Jail Breaks Philpot Escapes a German POW Stalag Part 1

About the great escape of O. L. S. Philpot from a German prisoner-of-war stalag, history and account of the camp.


Flight Lieutenant O. L. S. Philpot's Escape from German Prisoner-of-War Camp Stalag Luft III-1943

It was not lieutenant Philpot, hero of this story, who thought up the wooden horse escape plan, but his two comrades in the W.W. II prisoner-of-war camp Stalag Luft III-Lt. R. Michael Codner of the Royal Artillery and Flight Lt. Eric "Bill" Williams, who, like Philpot, were British. Instead of tunneling to safety from the prisoners' huts, it was logical to dig from the prison yard, which was closer to the edge of the compound. But they needed some kind of cover. The answer was a wooden horse, not so grand as the Trojans' but just as effective-a vaulting box, like the ones in high school gyms, ostensibly to be used by the men to keep physically fit. While some men were vaulting over it, others would be under it, digging a path to freedom.

Accordingly, the horse was built, of timber, paneled with wood from Red Cross tea chests, with a top of solid boards padded with bedding. Looking like a sawhorse clothed in wood, it had a base measuring 5 ft. by 3 ft., and it stood 4 1/2 ft. high.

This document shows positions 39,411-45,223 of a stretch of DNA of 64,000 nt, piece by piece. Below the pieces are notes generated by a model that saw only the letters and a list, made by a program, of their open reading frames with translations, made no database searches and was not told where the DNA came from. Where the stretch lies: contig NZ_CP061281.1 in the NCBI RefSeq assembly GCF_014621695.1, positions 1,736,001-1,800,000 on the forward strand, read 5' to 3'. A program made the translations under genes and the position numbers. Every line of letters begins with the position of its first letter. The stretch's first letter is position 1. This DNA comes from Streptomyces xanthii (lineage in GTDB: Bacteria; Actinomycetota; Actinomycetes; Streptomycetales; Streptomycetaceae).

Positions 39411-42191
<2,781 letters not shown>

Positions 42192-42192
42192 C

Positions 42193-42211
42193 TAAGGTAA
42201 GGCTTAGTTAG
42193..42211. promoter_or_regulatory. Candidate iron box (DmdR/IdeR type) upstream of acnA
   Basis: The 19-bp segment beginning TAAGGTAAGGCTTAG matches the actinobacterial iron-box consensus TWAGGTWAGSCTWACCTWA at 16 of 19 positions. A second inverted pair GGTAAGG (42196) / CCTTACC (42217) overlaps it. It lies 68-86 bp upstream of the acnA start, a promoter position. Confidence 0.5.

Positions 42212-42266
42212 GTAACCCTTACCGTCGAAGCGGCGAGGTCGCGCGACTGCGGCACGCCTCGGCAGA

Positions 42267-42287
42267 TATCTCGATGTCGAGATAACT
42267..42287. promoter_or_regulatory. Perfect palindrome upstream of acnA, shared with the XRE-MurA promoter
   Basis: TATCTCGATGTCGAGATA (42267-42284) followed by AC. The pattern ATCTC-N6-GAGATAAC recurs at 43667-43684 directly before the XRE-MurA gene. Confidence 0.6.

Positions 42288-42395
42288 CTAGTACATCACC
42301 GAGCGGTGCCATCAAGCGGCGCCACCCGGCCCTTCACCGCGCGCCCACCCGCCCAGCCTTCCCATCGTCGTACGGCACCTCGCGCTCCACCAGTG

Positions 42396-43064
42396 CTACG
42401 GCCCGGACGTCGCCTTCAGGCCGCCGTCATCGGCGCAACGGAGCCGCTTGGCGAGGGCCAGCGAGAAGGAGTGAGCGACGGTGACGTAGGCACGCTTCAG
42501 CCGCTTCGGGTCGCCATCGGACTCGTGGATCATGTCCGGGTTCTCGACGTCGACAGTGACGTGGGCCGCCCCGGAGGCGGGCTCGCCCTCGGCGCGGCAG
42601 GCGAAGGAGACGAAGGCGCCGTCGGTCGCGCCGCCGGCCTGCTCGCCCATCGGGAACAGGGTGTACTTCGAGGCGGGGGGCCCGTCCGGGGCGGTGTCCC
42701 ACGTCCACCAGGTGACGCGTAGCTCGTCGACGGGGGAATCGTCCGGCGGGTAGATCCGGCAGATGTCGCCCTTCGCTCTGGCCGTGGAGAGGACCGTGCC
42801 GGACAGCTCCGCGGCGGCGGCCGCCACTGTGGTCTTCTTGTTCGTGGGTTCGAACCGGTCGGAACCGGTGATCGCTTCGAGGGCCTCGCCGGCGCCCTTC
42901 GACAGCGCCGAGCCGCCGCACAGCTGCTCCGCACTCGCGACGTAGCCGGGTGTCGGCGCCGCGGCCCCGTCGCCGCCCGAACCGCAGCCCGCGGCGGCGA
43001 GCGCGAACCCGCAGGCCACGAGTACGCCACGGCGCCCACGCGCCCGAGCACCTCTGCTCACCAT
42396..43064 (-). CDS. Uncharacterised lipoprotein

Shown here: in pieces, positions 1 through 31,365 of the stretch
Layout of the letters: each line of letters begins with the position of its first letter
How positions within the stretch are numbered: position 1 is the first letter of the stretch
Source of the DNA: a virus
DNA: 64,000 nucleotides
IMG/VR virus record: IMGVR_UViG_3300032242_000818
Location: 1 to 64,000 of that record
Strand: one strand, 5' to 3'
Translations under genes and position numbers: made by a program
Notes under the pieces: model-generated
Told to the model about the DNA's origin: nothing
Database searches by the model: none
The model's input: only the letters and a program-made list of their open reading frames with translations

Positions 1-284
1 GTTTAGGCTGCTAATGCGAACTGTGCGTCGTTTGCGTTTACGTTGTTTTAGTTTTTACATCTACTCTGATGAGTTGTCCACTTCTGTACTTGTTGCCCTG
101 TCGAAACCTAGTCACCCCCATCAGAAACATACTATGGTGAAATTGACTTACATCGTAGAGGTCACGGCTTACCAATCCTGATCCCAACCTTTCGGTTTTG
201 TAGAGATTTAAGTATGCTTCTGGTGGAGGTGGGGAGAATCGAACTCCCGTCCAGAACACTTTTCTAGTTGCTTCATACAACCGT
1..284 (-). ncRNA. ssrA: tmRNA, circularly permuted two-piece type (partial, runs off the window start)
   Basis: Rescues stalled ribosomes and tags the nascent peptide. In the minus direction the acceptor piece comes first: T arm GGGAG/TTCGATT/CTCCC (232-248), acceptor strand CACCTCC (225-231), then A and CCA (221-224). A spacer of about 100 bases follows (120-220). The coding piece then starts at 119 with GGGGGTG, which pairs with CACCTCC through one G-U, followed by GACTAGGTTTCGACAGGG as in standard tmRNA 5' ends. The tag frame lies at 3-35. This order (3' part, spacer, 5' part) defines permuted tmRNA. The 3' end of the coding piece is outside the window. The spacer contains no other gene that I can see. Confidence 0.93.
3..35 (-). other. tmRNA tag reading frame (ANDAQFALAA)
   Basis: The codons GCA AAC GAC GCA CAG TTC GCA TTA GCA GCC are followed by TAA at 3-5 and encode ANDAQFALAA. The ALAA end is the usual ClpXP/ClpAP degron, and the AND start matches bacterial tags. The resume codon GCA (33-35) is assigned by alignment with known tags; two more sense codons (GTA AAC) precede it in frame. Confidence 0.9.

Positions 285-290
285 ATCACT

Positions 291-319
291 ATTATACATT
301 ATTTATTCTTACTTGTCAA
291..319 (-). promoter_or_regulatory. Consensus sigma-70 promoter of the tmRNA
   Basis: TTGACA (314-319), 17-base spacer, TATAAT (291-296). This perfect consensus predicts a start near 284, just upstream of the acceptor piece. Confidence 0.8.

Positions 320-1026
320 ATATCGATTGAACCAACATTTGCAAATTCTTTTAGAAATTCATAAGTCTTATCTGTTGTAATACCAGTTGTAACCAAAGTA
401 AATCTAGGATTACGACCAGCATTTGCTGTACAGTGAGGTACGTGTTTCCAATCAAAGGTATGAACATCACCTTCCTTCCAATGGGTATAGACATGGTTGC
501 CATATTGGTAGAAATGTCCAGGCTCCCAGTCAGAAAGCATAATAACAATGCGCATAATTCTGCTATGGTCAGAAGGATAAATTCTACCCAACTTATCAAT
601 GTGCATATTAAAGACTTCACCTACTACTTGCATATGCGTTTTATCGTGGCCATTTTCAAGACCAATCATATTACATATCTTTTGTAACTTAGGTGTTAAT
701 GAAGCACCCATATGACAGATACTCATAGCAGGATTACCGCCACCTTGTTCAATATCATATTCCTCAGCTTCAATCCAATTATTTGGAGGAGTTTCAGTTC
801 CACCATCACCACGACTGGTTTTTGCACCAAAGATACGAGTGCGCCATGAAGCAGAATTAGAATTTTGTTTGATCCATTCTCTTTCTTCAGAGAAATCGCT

At first the men went through their two-hour vaulting sessions with the horse empty. One prisoner, deliberately awkward, knocked it over a couple of times to show the guards that nothing was going on underneath. The guards were justifiably suspicious, as they were at any peculiar activity engaged in by the men; at night they checked the horse over, breaking the fine black thread the men had booby-trapped it with.

On July 8, 1943, tunneling began. Williams concealed himself in the box; then four men inserted two poles in each end of it and carried it out. While the men, dressed in shorts, vaulted one by one over the box, Williams removed a top layer of gray sand and put it into a cardboard box. Then he dug out yellow sand beneath, put it in bags made of pantlegs, and hung the bags (12 in all) on the roof of the horse. Then he sank a bottomless and topless tea chest 6 in. below the surface to shore up the sides of the shaft, used the chest's lid as a cover, put the gray sand back, and knocked on the horse to be let out. After the horse was returned to the canteen, the men transferred the sand to long, sausagelike bags which hung inside their pants and let it trickle out around the compound yard.

In the next weeks, Codner and Williams took turns digging the shaft deeper and shoring it up below the tea chest with bricks. Then they began the horizontal tunnel, which they carefully lined with bed boards for the first 20 ft. so jolting caused by the vaulting wouldn't cave it in. It took two months to complete the first 40 of the 110 ft. from the entrance point to 10 yd. beyond the barbed wire. By then they were exhausted and started working together; one used a basin to collect the sand, and the other pulled the basin back and bagged it. Since the men were getting bored with vaulting, Philpot was assigned as top-of-the ground organizer to spur them on and lift their flagging spirits.

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